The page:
What Makes Me Anxious - 2

Foundational

Teachers

Goal: In fewer than three prompts (visual or verbal), the student will use learned strategies to lessen his/her feeling of anxiety in 8 out of 10 observable opportunities, as measured by a teacher assessment tool.

Objectives:
1. Identify what feeling anxious means and/or feels like.
2. Identify activities or situations in which the student may feel anxious.
3. Use a learned strategy to lessen the feeling of anxiety.

Definitions of Key Terms: Anxiety is the feeling of worry or nervousness; an uneasy feeling.

Discussion Points:

  • Anxiety is strong feelings of fear or worry.
  • Everyone feels anxiety.
  • It is ok to feel anxiety.

Review the discussion points with the students and consider sharing examples of what makes you anxious, such as going to the dentist, taking a test, etc.

Possible activities to review the discussion points:

  • The group should form a circle. Ask a question and allow students to toss a bean bag to those who would like to answer the question.
  • Play tic-tac-toe by dividing the group into teams. Write discussion questions on a sticky note and place them on the tic-tac-toe grid. Allow a representative from the team to select a sticky note and as a team develop an answer to the question. If they get it right, they may put their team's marker (x or o) on the grid.

Directions for In-Person or Virtual Learning: You have three options for students to complete this lesson.

  • Option 1: Print the Student Activity Sheet for each student. Complete the lesson as a group and assign the activity sheet to the students.
  • Option 2: Click the Student link to access the activity sheet electronically and post to your Learning Management System (if your school has one) or send the link to the student. The student may complete the activity sheet electronically within the classroom on a shared computer or device.
  • Option 3: Click the Student link to access the activity sheet electronically and send the link to the student. The student may access the link from a home computer, chromebook, iPad or other device.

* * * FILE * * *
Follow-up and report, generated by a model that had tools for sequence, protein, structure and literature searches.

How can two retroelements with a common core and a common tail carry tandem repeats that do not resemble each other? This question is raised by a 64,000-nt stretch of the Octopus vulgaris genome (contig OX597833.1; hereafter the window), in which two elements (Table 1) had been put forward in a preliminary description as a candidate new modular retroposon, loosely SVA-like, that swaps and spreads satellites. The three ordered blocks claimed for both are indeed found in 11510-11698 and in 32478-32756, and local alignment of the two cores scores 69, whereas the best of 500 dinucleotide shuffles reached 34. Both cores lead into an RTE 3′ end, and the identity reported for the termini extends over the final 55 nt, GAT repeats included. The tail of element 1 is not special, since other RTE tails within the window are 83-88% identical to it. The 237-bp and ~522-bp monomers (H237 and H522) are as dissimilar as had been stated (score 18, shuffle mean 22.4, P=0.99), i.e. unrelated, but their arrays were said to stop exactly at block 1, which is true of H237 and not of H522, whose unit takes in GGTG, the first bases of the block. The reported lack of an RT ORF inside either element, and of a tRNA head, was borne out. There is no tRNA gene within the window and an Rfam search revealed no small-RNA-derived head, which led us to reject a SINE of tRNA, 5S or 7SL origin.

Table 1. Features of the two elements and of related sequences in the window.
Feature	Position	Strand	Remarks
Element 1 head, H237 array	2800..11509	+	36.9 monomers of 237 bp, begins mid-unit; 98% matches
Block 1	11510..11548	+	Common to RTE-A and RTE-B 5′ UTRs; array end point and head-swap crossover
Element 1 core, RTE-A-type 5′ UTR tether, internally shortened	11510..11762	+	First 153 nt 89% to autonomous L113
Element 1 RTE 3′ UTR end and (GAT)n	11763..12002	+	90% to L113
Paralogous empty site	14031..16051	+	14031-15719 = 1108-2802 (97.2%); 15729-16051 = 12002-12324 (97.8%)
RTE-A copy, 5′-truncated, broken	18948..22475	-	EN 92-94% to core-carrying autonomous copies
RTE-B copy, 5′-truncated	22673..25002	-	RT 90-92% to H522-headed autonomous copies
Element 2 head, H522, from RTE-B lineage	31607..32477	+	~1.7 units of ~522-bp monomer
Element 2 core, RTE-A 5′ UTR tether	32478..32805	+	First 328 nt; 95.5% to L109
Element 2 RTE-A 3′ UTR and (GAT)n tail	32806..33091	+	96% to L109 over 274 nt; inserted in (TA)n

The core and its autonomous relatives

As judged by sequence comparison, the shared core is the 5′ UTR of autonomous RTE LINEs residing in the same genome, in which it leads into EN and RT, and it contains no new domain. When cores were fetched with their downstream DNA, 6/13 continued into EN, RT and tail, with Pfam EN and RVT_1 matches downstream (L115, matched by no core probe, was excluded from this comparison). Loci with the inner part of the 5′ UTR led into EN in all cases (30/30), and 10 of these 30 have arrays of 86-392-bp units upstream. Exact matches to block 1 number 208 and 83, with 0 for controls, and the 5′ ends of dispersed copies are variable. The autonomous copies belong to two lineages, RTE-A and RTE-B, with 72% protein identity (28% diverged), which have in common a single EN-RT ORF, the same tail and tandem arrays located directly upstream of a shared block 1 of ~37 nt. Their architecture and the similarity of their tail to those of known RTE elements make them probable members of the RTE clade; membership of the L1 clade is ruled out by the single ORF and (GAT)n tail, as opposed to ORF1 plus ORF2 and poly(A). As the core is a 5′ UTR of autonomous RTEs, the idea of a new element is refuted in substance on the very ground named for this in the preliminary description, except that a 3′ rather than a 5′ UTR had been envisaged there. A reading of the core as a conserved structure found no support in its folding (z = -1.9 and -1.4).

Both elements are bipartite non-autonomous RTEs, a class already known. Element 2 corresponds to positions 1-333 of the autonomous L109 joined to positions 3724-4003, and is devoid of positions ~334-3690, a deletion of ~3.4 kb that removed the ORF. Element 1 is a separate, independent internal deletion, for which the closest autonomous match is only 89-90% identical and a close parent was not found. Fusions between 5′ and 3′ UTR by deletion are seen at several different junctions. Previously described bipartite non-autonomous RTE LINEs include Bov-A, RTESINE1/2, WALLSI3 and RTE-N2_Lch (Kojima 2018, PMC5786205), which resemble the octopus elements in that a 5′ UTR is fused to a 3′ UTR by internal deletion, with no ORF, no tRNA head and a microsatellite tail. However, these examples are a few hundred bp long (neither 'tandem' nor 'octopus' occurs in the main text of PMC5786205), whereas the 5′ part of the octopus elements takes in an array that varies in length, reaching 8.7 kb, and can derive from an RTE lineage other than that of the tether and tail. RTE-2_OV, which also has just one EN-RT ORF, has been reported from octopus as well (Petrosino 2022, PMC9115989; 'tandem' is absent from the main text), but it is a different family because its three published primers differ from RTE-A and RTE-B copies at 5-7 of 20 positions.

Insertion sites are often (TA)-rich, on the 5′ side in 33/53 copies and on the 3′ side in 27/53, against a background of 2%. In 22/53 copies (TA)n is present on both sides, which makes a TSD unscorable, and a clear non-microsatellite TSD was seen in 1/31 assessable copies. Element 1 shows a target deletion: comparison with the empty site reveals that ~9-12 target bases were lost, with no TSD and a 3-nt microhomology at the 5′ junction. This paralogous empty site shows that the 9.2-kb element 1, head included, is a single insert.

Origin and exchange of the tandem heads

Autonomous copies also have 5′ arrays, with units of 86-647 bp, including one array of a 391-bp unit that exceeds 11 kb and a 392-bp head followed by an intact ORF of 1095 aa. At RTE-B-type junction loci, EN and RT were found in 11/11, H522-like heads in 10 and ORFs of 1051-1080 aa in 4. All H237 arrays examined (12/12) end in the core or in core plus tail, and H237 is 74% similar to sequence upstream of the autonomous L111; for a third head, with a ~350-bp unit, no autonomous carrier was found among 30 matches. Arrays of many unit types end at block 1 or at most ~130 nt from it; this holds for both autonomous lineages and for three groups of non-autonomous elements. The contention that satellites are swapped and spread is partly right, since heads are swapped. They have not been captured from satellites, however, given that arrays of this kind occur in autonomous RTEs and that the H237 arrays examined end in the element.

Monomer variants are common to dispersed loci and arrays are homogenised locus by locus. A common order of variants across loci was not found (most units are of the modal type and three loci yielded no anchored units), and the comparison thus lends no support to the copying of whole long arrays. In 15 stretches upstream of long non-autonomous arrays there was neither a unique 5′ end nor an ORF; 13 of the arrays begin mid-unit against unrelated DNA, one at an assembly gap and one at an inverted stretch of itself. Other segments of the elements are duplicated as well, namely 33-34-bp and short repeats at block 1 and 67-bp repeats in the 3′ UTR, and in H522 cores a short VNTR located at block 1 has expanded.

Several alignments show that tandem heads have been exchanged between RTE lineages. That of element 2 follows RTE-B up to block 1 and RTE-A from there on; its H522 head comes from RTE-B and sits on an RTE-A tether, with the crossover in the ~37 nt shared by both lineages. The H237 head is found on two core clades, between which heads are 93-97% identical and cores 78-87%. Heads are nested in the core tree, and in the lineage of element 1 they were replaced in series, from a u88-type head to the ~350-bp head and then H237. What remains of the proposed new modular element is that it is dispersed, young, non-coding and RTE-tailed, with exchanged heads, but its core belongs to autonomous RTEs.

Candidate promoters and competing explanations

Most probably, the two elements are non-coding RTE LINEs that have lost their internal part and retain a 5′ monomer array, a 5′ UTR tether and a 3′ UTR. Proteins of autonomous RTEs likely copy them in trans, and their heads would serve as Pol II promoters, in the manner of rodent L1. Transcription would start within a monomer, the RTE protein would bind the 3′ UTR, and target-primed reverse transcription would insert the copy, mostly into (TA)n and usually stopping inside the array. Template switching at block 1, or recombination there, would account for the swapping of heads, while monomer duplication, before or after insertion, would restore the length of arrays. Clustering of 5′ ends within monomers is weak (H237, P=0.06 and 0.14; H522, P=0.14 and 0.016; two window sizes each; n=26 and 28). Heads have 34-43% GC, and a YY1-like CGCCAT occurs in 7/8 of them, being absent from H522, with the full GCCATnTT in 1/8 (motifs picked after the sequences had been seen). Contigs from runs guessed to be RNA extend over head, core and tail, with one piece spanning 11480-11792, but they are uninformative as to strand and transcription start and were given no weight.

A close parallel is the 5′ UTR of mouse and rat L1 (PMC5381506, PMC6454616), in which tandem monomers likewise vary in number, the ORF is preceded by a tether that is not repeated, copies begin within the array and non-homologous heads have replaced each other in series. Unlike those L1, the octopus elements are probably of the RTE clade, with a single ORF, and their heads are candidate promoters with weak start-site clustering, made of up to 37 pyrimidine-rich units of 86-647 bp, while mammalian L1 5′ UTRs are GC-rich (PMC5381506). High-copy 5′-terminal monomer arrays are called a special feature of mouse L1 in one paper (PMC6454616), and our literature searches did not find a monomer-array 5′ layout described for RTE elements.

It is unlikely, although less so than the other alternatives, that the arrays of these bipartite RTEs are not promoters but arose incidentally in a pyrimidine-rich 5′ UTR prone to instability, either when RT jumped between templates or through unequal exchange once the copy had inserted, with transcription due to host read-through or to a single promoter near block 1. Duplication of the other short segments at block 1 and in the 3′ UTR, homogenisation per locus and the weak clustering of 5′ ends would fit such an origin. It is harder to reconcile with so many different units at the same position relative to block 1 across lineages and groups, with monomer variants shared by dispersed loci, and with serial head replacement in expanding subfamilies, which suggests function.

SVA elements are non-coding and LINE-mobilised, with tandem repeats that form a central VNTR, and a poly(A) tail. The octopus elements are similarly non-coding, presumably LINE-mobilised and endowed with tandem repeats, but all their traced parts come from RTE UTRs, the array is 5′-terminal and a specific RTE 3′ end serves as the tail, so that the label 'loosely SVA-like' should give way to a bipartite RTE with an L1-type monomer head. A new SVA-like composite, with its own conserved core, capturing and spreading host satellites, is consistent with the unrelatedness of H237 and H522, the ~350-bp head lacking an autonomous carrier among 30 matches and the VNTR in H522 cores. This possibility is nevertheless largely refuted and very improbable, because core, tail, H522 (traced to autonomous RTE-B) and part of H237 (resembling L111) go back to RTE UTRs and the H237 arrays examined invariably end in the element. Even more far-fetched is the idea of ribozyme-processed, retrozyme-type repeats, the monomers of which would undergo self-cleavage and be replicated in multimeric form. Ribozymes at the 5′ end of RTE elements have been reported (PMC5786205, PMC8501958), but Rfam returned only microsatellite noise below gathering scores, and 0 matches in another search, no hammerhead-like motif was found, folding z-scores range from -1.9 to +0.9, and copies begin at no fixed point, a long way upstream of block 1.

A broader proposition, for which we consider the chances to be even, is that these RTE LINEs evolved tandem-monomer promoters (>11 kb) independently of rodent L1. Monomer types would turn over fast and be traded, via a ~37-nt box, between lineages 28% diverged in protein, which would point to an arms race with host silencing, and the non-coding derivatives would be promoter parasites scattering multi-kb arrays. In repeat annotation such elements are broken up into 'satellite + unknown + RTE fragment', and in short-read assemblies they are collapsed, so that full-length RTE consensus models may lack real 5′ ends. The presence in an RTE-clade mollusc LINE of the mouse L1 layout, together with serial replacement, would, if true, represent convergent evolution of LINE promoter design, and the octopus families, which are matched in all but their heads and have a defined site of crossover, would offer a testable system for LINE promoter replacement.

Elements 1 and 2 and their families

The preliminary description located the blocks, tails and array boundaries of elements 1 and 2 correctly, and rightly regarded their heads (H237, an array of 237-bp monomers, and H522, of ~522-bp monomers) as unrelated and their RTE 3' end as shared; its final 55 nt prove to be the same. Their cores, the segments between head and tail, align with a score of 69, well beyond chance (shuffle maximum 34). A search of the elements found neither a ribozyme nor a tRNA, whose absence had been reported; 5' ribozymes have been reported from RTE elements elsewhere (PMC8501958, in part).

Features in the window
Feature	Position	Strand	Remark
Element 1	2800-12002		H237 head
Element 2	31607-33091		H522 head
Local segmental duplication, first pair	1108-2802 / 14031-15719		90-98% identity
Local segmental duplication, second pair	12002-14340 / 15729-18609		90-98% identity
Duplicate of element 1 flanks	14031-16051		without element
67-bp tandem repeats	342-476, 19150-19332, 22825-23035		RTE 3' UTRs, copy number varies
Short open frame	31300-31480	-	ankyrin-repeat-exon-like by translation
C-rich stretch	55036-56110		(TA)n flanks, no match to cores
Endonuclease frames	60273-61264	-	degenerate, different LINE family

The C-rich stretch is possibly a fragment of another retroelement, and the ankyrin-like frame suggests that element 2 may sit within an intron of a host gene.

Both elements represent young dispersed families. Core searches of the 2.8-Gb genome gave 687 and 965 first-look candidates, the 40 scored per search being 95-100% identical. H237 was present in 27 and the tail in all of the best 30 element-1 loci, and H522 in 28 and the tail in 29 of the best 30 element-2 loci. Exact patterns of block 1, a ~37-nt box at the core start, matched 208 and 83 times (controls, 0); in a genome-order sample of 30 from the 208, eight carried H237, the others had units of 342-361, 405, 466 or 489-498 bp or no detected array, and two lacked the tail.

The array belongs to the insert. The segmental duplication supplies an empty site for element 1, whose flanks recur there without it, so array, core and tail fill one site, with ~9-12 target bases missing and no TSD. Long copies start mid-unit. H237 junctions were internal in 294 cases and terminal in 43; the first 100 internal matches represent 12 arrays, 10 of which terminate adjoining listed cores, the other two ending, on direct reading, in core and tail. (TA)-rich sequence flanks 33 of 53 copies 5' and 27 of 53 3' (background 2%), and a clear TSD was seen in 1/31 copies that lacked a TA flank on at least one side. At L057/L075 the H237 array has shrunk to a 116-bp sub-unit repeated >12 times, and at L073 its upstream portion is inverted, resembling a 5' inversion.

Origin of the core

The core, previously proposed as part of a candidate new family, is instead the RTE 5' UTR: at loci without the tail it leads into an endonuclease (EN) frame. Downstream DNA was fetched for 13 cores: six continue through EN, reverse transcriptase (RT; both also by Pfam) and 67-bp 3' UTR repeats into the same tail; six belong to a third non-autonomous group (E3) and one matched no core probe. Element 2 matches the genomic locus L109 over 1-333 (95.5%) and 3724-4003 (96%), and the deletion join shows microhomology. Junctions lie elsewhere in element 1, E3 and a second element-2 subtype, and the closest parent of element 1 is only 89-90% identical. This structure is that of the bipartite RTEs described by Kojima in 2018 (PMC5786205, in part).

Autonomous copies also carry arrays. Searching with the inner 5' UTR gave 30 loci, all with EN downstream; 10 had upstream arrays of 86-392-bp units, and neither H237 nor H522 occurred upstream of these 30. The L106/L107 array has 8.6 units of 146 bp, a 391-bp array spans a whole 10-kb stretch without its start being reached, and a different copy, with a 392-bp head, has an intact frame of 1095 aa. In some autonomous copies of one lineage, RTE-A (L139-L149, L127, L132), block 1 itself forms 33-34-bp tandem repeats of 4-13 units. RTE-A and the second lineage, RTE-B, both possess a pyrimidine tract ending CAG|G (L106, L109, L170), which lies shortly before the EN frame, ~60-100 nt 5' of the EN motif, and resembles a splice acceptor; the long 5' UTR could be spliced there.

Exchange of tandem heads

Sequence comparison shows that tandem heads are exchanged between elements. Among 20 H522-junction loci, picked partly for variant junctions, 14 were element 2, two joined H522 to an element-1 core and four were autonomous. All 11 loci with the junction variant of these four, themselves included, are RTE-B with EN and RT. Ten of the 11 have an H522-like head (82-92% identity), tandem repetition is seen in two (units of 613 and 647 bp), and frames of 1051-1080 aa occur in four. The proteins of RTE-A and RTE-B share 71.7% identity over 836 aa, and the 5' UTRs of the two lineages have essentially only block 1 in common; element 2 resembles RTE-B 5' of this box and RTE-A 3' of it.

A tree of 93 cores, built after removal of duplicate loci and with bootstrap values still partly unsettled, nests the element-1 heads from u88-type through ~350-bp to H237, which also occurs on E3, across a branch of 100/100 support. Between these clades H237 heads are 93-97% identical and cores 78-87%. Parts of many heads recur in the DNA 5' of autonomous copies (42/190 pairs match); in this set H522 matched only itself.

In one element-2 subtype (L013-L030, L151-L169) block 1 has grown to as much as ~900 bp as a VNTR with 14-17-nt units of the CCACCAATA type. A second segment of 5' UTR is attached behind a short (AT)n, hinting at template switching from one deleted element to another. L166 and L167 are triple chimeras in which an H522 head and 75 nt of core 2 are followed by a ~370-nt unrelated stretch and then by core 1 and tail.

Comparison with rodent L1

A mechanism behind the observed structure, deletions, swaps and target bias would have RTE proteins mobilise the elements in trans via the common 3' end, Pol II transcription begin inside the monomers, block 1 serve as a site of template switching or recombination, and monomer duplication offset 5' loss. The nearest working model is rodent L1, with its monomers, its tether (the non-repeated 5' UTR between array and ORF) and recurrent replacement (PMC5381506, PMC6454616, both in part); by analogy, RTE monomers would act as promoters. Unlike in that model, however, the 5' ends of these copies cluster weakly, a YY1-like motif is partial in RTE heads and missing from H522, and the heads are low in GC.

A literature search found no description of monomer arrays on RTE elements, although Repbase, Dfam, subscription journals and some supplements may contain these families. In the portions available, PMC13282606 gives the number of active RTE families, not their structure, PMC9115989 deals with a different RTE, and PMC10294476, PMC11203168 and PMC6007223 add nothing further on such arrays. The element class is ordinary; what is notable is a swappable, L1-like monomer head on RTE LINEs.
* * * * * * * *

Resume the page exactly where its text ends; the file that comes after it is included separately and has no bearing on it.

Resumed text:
Activity 1: Knowing Your Signs

Discuss with students that everyone feels anxious at times. Be sure to explain what feeling anxious may look like, feel like, and mean. Discuss that what is important is how we respond to our anxiety or to others that may be feeling anxious.

Materials Needed:
  • Student Activity Sheet A - 1 per student
  • Pencil for each student

Brainstorm with the students what clues and signs from our facial features and body language allow us to know that someone may be anxious. Make a list of these signs on the board or chart paper.

Distribute Student Activity Sheet A. Instruct students on how to complete it and provide time to do so. Gather students together after they have completed the worksheet and share answers.

Optional extension activity: Using bulletin board paper or newsprint roll paper, trace the student’s body and allow them to indicate on their “body” the areas that warn them they are becoming anxious.

Student Activity Sheet A

Directions: It is important to understand the signs your body gives that help you know you are getting anxious. Circle the signs below that help you know you are becoming anxious.

Some signs you may be getting anxious could be:

You may be agitated You may avoid others
You may become restless You may cry
You may be unable to focus You may not want to go to school
You may have trouble falling asleep You may be fearful of being alone
You may be picking your skin You may be biting your nails

My signs that I am getting anxious are:

Activity 2: What are your causes of anxiety?

Review discussion and key ideas from Activity 1. Encourage students to think about what makes them fearful or worried. Answers could include places, situations, things, types of movies, books, or other items.

Materials Needed:
  • Student Activity Sheet B - 1 per student
  • Pencil for each student
  • Optional: chalkboard, smartboard or chart paper